The struggle for space and ownership
Medvedev, a professor of Political Science and Sociology, lived in several European countries and the U.S. before returning to his birthplace in 2004 to lecture at the Higher School of Economics in Moscow. ‘The years of private property abolition in the USSR and the Soviet political climate have ingrained a paranoid view on personal space in the Russian people and government’, he argues in one of his lectures. The upper class building large walls around their estates, having to go through three doors before entering an apartment, and the semi-transparent curtains in front of many windows are exemplary of the people’s fixation with personal space.
In answer to my question of whether he witnessed the same mentality in the post-communist country of the Czech Republic, he replied that the population there has a completely different ontological position. ‘The Czechs had a long European history before their communist experience and are much more caring. Countries such as the U.K. and Lithuania would show even more similarities with Russia.’ Although the younger generation seems to be slowly overcoming this paranoia, Medvedev ascribes open social initiatives to a very thin layer of the population, concentrated only in a few large cities.
‘Government tactics seem to be targeted repression to set an example’
The Russian government has an identical view on managing public space, since there is no trust in the voluntary responsible use of public goods by the people. It is perhaps no surprise then that at every event, an enormous police force is mobilized. Grass in the Muscovite parks is mostly surrounded by fences and although the Red Square seems to foreigners a free public square, the Kremlin always keeps a close watch. As proof of this, two German travelers were detained last month after launching a drone to film the government premises.
However, similar events have happened in the U.S. and China, which could signify a general 21st century paranoia for security. The exception to the rule is the famous Gorky Park, where people sit freely on the grass and many social events take place. According to the professor, this is an artificial place: a western-style experiment of a dynamic and open space. Together with the recent organized marathon, an event previously unheard of in Moscow, this park signals some change.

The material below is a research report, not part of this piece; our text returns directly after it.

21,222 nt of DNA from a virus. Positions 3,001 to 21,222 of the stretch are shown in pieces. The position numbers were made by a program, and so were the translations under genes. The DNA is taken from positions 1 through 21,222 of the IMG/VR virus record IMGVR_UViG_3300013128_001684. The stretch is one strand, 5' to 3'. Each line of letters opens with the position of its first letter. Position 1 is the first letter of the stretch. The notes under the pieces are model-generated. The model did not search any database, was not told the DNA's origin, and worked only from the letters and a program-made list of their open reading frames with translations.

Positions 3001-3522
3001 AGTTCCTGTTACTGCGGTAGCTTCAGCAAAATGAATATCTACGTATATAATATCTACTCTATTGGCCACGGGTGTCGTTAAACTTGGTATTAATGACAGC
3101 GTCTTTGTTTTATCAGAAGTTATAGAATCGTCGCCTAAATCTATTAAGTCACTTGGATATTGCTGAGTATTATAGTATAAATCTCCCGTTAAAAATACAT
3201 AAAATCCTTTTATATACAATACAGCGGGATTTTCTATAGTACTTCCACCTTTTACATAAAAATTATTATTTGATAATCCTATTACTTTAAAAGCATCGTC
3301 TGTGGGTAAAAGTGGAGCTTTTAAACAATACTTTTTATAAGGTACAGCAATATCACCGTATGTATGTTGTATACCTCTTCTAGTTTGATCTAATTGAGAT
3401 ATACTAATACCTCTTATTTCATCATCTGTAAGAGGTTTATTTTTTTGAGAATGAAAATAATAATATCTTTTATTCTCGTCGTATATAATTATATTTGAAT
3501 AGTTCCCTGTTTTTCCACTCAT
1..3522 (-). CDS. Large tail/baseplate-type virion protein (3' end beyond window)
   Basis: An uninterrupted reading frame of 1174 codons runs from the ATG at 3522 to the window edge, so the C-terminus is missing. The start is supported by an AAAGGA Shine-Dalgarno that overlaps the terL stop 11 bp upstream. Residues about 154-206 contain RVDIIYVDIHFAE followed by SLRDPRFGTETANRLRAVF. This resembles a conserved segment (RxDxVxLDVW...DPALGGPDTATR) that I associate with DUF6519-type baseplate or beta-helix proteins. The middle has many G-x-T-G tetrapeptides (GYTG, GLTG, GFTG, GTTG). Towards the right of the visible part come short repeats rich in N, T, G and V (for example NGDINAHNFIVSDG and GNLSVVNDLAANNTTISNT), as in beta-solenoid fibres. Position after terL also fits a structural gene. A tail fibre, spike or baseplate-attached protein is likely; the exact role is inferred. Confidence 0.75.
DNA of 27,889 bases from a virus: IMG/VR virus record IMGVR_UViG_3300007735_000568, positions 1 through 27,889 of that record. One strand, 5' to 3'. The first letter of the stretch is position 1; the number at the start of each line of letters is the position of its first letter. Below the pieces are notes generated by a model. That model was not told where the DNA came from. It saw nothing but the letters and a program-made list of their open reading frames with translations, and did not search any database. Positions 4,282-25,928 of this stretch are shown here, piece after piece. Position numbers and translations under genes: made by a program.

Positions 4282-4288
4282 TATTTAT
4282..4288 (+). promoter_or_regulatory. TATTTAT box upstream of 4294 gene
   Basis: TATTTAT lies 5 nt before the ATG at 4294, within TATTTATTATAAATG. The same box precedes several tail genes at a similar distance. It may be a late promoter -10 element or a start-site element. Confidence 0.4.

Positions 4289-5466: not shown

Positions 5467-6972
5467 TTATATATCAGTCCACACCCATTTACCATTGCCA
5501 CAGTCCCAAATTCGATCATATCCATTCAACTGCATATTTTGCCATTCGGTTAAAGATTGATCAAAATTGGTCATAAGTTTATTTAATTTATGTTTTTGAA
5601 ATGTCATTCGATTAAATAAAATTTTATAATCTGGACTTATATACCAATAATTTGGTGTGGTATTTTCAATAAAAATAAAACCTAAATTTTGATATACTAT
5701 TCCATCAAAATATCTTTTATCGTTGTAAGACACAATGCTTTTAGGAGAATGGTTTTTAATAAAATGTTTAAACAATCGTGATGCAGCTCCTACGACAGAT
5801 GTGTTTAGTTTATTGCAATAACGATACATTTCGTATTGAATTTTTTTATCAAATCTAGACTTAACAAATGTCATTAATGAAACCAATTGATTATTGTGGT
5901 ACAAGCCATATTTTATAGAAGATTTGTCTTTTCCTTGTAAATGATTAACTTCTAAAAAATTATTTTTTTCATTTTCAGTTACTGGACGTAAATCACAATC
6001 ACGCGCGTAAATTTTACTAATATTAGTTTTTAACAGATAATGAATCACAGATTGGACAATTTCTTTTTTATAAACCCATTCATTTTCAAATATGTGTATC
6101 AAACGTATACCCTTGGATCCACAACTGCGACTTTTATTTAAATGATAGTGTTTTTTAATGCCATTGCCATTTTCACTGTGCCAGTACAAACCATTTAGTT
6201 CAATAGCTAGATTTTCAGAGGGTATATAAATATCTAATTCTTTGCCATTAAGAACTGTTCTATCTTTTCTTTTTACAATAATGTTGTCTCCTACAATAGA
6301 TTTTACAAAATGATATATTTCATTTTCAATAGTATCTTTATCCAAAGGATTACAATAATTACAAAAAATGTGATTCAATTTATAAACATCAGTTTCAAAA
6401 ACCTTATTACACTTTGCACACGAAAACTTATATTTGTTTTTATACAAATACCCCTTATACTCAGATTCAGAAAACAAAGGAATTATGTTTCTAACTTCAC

With recent legislation passed in the state Duma lowering the legal ceiling for foreign ownership of Russian media outlets to 20 per cent, the playing field for non-Russians has shrunk. Medvedev himself is affected by this new legislation, since the Russian edition of Forbes he writes for has switched to a Russian owner. Publisher Aleksandr Fedotov, unsurprisingly to some, recently announced that the new focus of Forbes will be on economics instead of politics. ‘This legislation will diminish open discussions, but it really concerns just a small amount of readers’, the professor claims.
Government tactics seem to be targeted repression to set an example, while constantly using the law to restrain unfavorable actors. Pavel Durov (the founder of the Russian Facebook ‘Vkontakte’) was fired from his own company after refusing to cooperate with the government and fled the country. A recent law requiring foreign firms to store Russian users’ personal data on servers located in Russia is seen in the West as another clamp down on online privacy. Finally, there are the endless rumors about the role of the FSB (secret service) and the different stories spread by Russian state television, which blur, bend and diversify the truth.
Asking Medvedev about his prospects on the future, he agrees with Derk Sauers, Dutch founder of the Moscow Times, that things can change relatively quickly and that in Russia, ‘nothing is forever’. ‘Many measures and laws are mitigated by the bad implementation of the bureaucracy, if they are implemented at all after the initial shock effect had run its course’, he concludes.